After imposition of LIST 1 tariffs, the United States and China embarked on a series of trade negotiations. These ultimately collapsed in May 2019, when the Chinese delegation refused to accord with enforcement protocols that would have provided a mechanism to ensure China would followed through with its promises.
January 2019 Update:
After holding December 2018, talks in China, the United States and China continue negotiations in January in Washington D.C. The question is whether a workable solution can be reached prior to the March 1 deadline. Currently, there are no reports of China’s agreement in principle that its current policies as regarding IP theft and forced technology transfers are unfair or should be in anyway changed. Instead, China has proposed massive purchase offsets - which would over time tend to to politically “capture” certain U.S. demographics, such as LNG and agriculture.
If talks fall through, the negotiations could be extended. Or the tariffs on $200 billion in US-China imports (on the USTR’s LIST 3) could be allowed to ratchet-up from 10% to 25%. Thereafter, the USTR also maintains a LIST 4 on the remainder of $250+ billion in trade from China that is not already subject to 301 tariffs or exempted.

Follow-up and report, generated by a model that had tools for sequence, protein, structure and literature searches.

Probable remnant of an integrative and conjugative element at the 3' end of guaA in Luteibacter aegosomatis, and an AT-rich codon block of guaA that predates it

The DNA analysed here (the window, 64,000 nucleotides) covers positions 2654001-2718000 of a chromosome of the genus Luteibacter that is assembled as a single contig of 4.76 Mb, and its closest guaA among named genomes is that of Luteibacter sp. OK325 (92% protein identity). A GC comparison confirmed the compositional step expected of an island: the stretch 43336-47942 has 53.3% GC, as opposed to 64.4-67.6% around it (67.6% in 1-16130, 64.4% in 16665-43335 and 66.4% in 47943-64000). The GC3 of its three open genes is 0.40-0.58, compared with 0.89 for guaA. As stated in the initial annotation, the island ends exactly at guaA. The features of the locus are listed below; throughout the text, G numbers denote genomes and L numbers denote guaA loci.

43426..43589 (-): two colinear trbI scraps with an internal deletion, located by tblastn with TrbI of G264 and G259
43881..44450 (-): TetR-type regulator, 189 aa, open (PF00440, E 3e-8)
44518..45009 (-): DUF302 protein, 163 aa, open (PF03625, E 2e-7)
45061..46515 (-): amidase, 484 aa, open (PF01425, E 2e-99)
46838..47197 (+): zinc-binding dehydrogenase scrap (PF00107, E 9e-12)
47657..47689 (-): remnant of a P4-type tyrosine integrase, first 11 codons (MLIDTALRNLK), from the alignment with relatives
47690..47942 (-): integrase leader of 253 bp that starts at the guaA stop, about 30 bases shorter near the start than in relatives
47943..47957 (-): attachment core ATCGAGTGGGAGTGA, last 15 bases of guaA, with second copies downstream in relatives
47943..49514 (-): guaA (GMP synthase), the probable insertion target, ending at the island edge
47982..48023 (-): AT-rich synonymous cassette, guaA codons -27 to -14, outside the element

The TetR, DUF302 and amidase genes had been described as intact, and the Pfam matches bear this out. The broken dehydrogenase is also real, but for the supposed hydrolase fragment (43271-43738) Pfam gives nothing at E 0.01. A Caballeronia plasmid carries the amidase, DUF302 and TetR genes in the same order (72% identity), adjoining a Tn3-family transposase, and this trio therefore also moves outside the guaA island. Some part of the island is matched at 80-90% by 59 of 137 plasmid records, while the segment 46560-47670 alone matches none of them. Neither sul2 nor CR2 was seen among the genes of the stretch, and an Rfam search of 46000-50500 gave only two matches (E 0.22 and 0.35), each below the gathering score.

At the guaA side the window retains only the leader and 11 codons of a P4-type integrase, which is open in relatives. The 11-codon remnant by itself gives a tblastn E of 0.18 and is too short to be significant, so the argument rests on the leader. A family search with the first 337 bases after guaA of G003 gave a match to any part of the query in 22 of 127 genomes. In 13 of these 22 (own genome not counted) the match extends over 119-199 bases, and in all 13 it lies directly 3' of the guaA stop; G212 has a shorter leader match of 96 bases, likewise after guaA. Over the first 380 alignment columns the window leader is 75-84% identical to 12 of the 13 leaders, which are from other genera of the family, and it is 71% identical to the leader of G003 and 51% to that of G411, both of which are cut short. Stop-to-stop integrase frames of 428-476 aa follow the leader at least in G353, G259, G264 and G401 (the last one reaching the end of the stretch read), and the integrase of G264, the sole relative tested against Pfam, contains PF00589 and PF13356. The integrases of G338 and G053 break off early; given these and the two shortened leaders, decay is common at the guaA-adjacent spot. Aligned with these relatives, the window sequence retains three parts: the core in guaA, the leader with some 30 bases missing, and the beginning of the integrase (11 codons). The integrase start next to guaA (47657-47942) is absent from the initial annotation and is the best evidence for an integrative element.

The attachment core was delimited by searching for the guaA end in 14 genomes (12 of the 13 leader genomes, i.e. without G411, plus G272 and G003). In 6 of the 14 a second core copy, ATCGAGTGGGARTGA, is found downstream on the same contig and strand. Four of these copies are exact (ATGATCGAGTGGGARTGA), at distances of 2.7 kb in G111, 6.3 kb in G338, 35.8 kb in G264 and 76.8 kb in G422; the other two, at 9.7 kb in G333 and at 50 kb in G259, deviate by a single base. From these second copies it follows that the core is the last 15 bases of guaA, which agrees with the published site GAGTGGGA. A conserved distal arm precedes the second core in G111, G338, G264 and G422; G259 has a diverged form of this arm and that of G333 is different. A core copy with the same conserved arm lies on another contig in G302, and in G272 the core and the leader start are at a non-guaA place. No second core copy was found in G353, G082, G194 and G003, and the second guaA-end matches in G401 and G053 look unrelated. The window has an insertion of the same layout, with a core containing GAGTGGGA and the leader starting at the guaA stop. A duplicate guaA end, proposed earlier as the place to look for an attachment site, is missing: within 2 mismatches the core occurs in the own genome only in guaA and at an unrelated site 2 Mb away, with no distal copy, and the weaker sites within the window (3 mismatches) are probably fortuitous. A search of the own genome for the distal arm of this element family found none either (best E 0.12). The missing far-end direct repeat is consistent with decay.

February 18, 2019 Update
In the federal budget which passed Friday, Congress has included a mechanism demanding that the Trump administration (USTR) to open a process for importers to request and obtain 1-year exclusions from the Section 301 tariffs on LIST 3 goods from China. See, Explanatory Statement, Consolidated Appropriations Act, 2019, page 38.
Importers with significant LIST 3 exposure should immediately begin the process of preparing for these exclusion filings. The scope of this LIST 3 covers an enormous amount of trade ($200 billion in goods from China).
Importers may use the USTRs’ tariff tool to review coverage issues, while brokers can assist their clients using new ACE reports TR-004 and TR-005 which identify aggregate and line imports subject to safeguards.
In the interim, the Administration has explained that it would be willing to delay the LIST 3 increase from 10% to 25% if China’ comes to the table with substantive structural proposals. Thus, China has not even been willing to acknowledge that a problem exists in its polities, and has not been willing to entertain substantive changes.